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Armando Iannucci recently said that the UK falls behind the US  when it comes to female comedy writers. Do you find it to be a male-dominated industry?

Book Of A Lifetime: Great Expectations, By Charles Dickens

'Great Expectations' was perhaps the first "big book" I really got through at a gallop when I was about 11. Instead of being outside, practising to open the batting for Oz, I began the novel when housebound with asthma in a Sydney suburb of no distinction. I have to say that partway through the book my reading got a fillip when, breathing easier, I saw at the local picture house the magnificent film version directed by David Lean and starring John Mills and Alex Guinness.

In just 30 days, you too can write a masterpiece

Or maybe not. As writers prepare for National Novel Writing Month, Andrew Johnson looks at classics that were knocked out in a few weeks

Last Night in Twisted River, By John Irving

It would seem that publishing novels for five decades and winning a National Book Award (for The World According to Garp) isn't as confidence-boosting as one might imagine. How else to explain the curious Author's Note at the end of John Irving's latest door-stopper of a novel?

Rochester's literary past reveals a great deal about the city

Charles Dickens, champion of the working man and the overburdened woman, would be delighted with the offer each day from 7am to 9am outside the Golden Lion pub: tea or coffee for 49p. I’ll have two, thanks, and keep the change: a boost of caffeine is just what you need to make the most of the city that has been thriving for two millennia – and, within the past year, has moved even closer to London and the rest of the country.

Leading article: Puppet masters

The Victoria and Albert Museum in London has acquired an extensive Punch & Judy archive made up of scores of artworks, photographs and books. In some ways the puppet show, with its traditional costumes, the grotesque visages of the characters and the lack of hi-tech tricks, looks like very old-fashioned entertainment. Avatar it is not. But on the other hand the show's bold approach to themes such as domestic violence, child neglect and disrespect for the law might be said to give it a strikingly contemporary feel.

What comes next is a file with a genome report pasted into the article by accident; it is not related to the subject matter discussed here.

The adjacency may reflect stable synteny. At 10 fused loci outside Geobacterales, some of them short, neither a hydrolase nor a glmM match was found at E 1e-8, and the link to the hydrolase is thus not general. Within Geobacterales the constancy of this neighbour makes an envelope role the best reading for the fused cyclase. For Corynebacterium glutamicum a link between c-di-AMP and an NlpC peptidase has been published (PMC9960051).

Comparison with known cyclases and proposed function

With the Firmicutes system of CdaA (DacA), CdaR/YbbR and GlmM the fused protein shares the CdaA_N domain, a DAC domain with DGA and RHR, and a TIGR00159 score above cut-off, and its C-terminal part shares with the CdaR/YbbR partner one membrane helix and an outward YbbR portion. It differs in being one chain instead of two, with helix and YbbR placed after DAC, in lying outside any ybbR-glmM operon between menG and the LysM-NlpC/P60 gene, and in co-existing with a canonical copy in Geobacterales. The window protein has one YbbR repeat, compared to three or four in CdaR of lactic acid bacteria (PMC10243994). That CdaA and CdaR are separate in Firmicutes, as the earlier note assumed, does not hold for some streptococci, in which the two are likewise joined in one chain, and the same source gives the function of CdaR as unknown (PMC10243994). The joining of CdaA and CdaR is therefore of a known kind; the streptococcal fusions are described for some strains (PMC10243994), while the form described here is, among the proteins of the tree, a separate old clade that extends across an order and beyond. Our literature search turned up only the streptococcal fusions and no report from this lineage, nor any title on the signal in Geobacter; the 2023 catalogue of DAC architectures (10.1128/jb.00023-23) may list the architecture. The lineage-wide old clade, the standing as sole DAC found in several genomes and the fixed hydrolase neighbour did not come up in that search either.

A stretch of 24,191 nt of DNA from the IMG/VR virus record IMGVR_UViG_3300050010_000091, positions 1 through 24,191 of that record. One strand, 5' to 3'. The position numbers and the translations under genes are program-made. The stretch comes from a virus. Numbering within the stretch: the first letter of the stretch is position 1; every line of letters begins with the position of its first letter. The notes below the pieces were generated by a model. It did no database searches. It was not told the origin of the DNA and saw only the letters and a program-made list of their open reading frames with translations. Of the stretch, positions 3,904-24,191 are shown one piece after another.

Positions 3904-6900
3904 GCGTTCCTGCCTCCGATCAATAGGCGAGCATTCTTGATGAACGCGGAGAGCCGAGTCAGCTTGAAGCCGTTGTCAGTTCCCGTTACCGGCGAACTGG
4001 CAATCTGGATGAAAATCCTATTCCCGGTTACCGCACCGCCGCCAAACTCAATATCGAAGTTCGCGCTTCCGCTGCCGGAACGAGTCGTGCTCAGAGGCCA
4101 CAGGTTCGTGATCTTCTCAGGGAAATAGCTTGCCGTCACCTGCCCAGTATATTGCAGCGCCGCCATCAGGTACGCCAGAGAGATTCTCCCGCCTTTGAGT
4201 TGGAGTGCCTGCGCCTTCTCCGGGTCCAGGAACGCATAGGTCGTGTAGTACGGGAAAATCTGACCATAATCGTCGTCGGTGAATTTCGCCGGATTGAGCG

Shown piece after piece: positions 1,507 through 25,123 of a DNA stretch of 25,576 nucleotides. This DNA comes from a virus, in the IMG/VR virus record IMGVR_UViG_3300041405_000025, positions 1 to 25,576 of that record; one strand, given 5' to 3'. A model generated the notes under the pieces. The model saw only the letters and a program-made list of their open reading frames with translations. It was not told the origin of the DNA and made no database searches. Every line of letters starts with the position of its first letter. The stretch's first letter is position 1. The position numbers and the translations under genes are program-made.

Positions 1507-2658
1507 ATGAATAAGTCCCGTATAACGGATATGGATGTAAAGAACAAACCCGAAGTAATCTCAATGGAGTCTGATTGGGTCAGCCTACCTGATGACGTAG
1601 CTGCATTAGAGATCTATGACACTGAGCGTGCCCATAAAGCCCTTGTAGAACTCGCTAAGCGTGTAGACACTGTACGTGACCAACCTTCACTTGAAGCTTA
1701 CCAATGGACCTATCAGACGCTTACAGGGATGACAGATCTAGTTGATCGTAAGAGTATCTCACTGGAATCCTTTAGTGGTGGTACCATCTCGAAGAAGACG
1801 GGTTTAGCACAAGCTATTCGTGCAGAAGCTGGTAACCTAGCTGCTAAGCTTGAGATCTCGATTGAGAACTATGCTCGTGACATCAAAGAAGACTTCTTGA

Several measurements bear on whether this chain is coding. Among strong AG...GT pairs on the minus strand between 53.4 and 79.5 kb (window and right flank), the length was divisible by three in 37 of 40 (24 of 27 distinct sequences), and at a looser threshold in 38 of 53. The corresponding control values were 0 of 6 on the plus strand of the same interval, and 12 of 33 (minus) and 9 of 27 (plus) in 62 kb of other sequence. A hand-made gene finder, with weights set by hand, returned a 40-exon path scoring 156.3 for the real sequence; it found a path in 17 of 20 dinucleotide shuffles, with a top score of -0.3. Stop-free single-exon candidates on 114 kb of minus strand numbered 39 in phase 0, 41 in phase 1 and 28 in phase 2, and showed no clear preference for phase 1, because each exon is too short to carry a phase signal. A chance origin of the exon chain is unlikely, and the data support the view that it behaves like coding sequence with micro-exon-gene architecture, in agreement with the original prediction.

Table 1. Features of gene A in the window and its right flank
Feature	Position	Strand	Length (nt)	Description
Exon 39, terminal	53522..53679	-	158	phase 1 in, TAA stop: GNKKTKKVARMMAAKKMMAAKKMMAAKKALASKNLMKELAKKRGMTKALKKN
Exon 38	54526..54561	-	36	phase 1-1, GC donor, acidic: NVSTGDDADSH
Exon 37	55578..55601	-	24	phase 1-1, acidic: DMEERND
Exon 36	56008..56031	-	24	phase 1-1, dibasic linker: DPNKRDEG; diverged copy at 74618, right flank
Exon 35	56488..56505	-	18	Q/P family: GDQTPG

A guide to A-road Britain: A149

Pouring rain one minute, vast blue skies the next, that's normal for Norfolk. Margareta Pagano travels from Great Yarmouth to King's Lynn, passing some of her favourite places in the world

Famous wills: They couldn't take it with them...

The last wishes of some of history's most eminent figures have been released. Kevin Rawlinson surveys their legacies

Bleak House, New Vic Theatre, Staffordshire

Before Bleak House begins, Inspector Bucket appears in the foyer of the New Vic Theatre inviting the public to turn detective and help him solve a murder mystery. We get our bearings with the help of an enlarged map on which are perched tiny, illuminated models, from stately home to slum, of buildings featured in Dickens's novel. Backstage we visit the scene of the crime via glimpses of Krook's rag-and-bottle shop, a glassy-eyed Lady Dedlock staring back at us through a rain-streaked window, Miss Flite's bird-filled garret, and the blood-spattered desk at which Tulkinghorn died. Scrutinising each small scenario, poring over every scrap of spidery writing, hanging on to snippets of information supplied by throaty-voiced actors, the audience clearly enjoyed dipping its collective toe into this piece of immersive theatre.

Dickensian London – alive and well in Kent

A Slice of Britain: Dedicated fans of the great Victorian novelist get into bustles and bonnets for their annual parade in Broadstairs

Album: Laurie Anderson Homeland (Nonesuch)

As the title suggests, Homeland sees Laurie Anderson returning to the familiar territory of her opus magnum United States I-IV, with a series of ruminations and observations upon her native land, in which unashamed intellectualism – references to Kierkegaard, Thomas Paine, etc – is balanced by her dry wit and ironic delivery.

Tim Sturtridge: What The Dickens - England’s great expectations

In the first instalment of this updated Dickens classic our hero starts out as the general dogsbody to a Sunday League outfit.

First-edition books may fetch £15m

A collection of first-edition books, described as the greatest of its kind, is estimated to sell for between £8m and £15m at auction later this year.

DJ Taylor: Back to the 1930s – but this time we're not quite pulling together

In 1931, people queued up to pay their taxes and help cut the spiralling national deficit. These days, we're more likely to worry about our own wellbeing than the country's

Why Dickens was not the family man history would have us believe

A new film exposes the married father-of-10's 13-year affair with a young actress – and his possible love child, writes Arifa Akbar
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Otter man Gavin Maxwell's bitter legacy

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